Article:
Andrew and Liz Buxton. Photo supplied.
A Dunedin couple have escaped from South Sudan after
surviving a tumultuous fortnight of violence in the world's
Andrew and Liz Buxton, from the Leith Valley Presbyterian
Church, an engineer and an architect, were in South Sudan on
mission work when ethnic violence erupted during the middle
of last month.
In an email to supporters on Saturday, they said they had
been caught up in the fighting while working in Malakal, a
city near the border with Sudan, about two weeks ago.
Armed forces in the city began dividing into pro and
anti-government factions and fighting each other, and Malakal
airport was closed 45 minutes before a flight was due to land
that would have carried them to safety, they said.
The couple spent three days ''hiding in our compound as war
raged in Malakal'', before the situation began to stabilise
from December 27, they said.
That allowed them to seek refuge in a United Nations compound
in Malakal, along with 25,000 others displaced by the
fighting in the city.
They remained in the compound for three nights before
boarding a flight to the Kenyan capital, Nairobi.
The couple said it was ''hard to describe what we went
through in a few words'', but the fighting in Malakal alone
was believed to have claimed the lives of more than 2000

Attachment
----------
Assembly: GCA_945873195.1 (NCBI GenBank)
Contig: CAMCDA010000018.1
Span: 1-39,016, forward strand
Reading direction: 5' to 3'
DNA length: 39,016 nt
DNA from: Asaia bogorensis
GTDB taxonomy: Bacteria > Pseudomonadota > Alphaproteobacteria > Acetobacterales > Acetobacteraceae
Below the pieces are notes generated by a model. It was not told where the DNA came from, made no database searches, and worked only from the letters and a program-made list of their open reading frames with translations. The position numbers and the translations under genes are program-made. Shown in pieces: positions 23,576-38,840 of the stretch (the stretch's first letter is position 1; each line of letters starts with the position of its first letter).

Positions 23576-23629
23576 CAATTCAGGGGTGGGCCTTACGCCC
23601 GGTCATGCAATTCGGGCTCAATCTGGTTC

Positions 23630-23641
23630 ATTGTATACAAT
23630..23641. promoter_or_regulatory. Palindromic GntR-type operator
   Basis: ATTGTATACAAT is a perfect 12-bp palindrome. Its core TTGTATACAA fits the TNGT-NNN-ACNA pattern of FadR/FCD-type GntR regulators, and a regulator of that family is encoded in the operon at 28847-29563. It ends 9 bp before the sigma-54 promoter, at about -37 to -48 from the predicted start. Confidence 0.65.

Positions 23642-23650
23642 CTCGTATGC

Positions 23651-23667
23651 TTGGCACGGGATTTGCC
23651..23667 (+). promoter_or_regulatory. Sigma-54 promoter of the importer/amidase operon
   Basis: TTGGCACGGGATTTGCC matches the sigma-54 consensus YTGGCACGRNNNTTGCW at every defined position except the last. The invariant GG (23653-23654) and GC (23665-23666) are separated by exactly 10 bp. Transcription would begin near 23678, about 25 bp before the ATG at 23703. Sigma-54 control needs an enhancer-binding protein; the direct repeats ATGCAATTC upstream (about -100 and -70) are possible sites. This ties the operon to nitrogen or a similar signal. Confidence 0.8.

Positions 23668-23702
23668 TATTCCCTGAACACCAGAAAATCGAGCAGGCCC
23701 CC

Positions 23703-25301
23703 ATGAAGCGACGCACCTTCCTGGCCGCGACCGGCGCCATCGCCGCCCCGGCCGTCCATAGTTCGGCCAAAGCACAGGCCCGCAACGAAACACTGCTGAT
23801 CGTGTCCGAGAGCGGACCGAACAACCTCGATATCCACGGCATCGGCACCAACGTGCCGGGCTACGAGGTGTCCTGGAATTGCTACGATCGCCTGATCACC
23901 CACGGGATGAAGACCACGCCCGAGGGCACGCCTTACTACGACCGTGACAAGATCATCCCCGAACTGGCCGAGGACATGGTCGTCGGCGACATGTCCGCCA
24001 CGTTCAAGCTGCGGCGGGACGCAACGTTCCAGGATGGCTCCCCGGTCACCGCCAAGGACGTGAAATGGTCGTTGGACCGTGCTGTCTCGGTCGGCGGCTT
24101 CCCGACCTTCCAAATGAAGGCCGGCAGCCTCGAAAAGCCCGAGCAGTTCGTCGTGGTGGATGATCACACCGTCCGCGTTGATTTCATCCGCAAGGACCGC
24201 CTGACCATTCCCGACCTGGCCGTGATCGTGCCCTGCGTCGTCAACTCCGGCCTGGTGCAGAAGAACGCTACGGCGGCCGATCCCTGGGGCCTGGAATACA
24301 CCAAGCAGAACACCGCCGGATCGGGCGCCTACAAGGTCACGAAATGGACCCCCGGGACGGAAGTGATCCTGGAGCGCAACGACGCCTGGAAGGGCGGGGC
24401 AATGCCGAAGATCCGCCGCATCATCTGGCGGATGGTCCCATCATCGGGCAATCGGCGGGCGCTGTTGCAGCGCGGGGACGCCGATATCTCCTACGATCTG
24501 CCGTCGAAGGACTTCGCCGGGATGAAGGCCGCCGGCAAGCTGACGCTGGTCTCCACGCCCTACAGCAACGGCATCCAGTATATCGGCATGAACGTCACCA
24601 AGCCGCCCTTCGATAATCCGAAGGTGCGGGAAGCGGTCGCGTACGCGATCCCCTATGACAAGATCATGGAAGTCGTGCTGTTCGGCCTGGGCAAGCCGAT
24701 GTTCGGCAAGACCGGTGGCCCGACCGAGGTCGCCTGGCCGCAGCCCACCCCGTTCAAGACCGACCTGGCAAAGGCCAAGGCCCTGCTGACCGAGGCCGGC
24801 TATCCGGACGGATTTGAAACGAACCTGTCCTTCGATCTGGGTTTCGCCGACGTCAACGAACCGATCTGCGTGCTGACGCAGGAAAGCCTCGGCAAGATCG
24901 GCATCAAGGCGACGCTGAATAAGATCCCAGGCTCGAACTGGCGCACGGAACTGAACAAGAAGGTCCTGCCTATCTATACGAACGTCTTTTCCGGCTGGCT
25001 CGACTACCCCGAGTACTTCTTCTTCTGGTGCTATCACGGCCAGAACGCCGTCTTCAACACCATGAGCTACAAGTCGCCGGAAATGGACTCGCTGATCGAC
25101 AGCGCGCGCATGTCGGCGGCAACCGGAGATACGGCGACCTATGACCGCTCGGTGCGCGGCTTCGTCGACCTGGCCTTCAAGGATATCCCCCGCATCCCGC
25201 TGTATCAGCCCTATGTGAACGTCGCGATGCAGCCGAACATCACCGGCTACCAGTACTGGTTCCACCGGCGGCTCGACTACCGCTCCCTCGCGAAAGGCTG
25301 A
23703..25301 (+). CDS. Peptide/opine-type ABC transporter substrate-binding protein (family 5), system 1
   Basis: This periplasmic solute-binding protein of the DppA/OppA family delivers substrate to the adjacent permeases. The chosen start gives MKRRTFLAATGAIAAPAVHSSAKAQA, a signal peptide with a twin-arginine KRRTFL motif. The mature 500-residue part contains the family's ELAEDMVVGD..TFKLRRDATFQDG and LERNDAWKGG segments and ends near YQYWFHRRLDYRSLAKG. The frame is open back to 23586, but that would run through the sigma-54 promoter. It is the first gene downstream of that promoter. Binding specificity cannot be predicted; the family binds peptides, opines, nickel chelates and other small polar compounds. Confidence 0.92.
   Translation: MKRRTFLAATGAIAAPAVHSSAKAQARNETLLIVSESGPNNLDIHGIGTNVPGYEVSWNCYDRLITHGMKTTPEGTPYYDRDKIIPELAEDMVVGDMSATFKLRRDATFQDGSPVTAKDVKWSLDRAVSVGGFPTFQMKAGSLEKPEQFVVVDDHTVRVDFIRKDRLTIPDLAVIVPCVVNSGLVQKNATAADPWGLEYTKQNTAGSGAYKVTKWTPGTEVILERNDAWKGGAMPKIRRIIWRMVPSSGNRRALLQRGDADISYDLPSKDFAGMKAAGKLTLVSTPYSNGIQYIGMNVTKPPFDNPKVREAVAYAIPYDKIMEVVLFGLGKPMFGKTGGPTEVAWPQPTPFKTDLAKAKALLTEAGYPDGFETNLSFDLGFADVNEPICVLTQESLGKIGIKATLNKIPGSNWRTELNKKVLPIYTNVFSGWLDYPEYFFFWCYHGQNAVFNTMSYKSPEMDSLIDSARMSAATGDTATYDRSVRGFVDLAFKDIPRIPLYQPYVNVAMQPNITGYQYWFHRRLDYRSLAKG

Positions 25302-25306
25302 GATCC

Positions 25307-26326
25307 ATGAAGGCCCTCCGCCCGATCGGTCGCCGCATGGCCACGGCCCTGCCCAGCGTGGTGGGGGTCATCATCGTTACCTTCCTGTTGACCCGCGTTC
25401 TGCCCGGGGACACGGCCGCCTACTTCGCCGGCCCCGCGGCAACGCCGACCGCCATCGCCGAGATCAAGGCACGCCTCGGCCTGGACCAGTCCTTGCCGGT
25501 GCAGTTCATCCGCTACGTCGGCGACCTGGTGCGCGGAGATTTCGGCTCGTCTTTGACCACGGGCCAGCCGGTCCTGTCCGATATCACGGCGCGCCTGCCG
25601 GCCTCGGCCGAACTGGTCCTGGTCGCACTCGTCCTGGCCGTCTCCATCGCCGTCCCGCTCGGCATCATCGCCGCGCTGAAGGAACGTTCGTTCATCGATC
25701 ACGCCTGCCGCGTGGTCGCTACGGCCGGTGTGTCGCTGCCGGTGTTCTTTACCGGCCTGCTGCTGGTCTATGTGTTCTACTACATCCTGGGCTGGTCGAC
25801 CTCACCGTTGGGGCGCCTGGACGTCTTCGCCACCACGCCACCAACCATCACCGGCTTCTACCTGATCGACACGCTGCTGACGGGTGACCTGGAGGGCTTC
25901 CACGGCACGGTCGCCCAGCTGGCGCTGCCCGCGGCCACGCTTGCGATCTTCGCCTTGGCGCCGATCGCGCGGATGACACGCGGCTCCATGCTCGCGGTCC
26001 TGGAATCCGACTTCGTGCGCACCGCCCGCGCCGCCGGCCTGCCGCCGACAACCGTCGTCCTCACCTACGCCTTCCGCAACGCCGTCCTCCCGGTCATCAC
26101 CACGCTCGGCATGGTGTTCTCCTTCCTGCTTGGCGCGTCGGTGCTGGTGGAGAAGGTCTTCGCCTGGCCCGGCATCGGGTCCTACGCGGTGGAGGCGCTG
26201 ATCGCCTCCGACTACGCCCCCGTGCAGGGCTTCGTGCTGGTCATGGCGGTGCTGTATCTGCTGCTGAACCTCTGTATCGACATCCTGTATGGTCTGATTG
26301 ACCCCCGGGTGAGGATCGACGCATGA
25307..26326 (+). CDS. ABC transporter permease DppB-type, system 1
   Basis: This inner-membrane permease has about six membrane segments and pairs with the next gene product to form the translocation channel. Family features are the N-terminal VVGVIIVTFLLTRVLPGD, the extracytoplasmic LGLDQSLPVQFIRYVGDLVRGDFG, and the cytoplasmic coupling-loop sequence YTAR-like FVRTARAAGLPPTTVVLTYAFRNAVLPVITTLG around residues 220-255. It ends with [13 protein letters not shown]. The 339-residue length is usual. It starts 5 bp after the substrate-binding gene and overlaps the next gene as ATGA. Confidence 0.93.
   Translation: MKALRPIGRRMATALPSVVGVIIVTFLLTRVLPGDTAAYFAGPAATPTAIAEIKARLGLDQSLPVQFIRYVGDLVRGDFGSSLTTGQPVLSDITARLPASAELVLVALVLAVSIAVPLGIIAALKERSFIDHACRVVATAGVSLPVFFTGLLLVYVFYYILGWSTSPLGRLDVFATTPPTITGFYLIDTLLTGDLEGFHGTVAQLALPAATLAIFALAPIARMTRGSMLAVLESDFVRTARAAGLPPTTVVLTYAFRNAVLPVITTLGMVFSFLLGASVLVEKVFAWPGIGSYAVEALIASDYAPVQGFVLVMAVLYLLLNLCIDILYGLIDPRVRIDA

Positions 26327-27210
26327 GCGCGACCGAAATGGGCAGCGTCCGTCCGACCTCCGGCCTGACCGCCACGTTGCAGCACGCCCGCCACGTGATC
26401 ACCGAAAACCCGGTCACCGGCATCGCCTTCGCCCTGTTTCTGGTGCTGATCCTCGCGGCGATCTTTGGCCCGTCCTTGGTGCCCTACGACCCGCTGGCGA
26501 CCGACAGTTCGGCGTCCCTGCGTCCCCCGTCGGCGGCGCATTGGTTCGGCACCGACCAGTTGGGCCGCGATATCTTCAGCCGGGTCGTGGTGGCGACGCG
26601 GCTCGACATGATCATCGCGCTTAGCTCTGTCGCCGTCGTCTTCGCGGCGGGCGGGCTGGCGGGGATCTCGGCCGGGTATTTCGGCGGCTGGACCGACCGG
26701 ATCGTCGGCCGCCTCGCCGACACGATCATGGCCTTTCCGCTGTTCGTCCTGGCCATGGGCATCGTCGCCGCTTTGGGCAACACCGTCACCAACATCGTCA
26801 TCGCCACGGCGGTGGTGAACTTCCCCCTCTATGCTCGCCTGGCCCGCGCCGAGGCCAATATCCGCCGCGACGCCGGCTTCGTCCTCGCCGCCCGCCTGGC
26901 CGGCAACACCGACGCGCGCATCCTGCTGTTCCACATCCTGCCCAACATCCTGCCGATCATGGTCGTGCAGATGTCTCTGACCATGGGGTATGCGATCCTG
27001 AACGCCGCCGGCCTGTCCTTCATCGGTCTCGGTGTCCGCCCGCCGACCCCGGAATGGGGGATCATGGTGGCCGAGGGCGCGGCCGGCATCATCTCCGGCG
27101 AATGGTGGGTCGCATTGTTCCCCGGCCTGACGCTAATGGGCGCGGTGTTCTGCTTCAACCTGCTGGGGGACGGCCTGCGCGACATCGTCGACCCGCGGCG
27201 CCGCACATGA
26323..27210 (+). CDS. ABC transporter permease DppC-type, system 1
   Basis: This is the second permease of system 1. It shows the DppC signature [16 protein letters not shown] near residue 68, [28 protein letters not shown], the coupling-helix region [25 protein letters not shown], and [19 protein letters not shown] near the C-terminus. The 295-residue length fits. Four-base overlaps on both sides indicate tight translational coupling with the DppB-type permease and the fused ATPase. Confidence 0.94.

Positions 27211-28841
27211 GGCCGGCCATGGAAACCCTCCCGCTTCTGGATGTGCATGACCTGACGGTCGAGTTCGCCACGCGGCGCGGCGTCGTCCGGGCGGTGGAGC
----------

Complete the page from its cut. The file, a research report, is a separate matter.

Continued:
people and 60% of the city's shops had been looted.
That raised the prospect of a food shortage, and the couple
were urging their supporters to pray for the country as it
faced an ''uncertain'' future.
The couple have worked for Serving in Mission, an
international Christian mission organisation, in South Sudan
periodically since 2008. information on Mr Buxton's LinkedIn
Mr Buxton was appointed deputy director of Serving in
Mission's 50-strong South Sudan team last February.
Serving in Mission had since evacuated all its staff from the
country, at least for now, creating a sense of frustration
for some, ''especially after many left South Sudan without
being able to say proper farewells'', the couple said.
''Hearing stories from friends tears at our hearts and in one
sense makes us wish we were still there to try and help in
small ways that we could,'' they said.
Official estimates put the death toll from the violence at
more than 1000, while media reports said another 120,000
people had been displaced as the violence spread.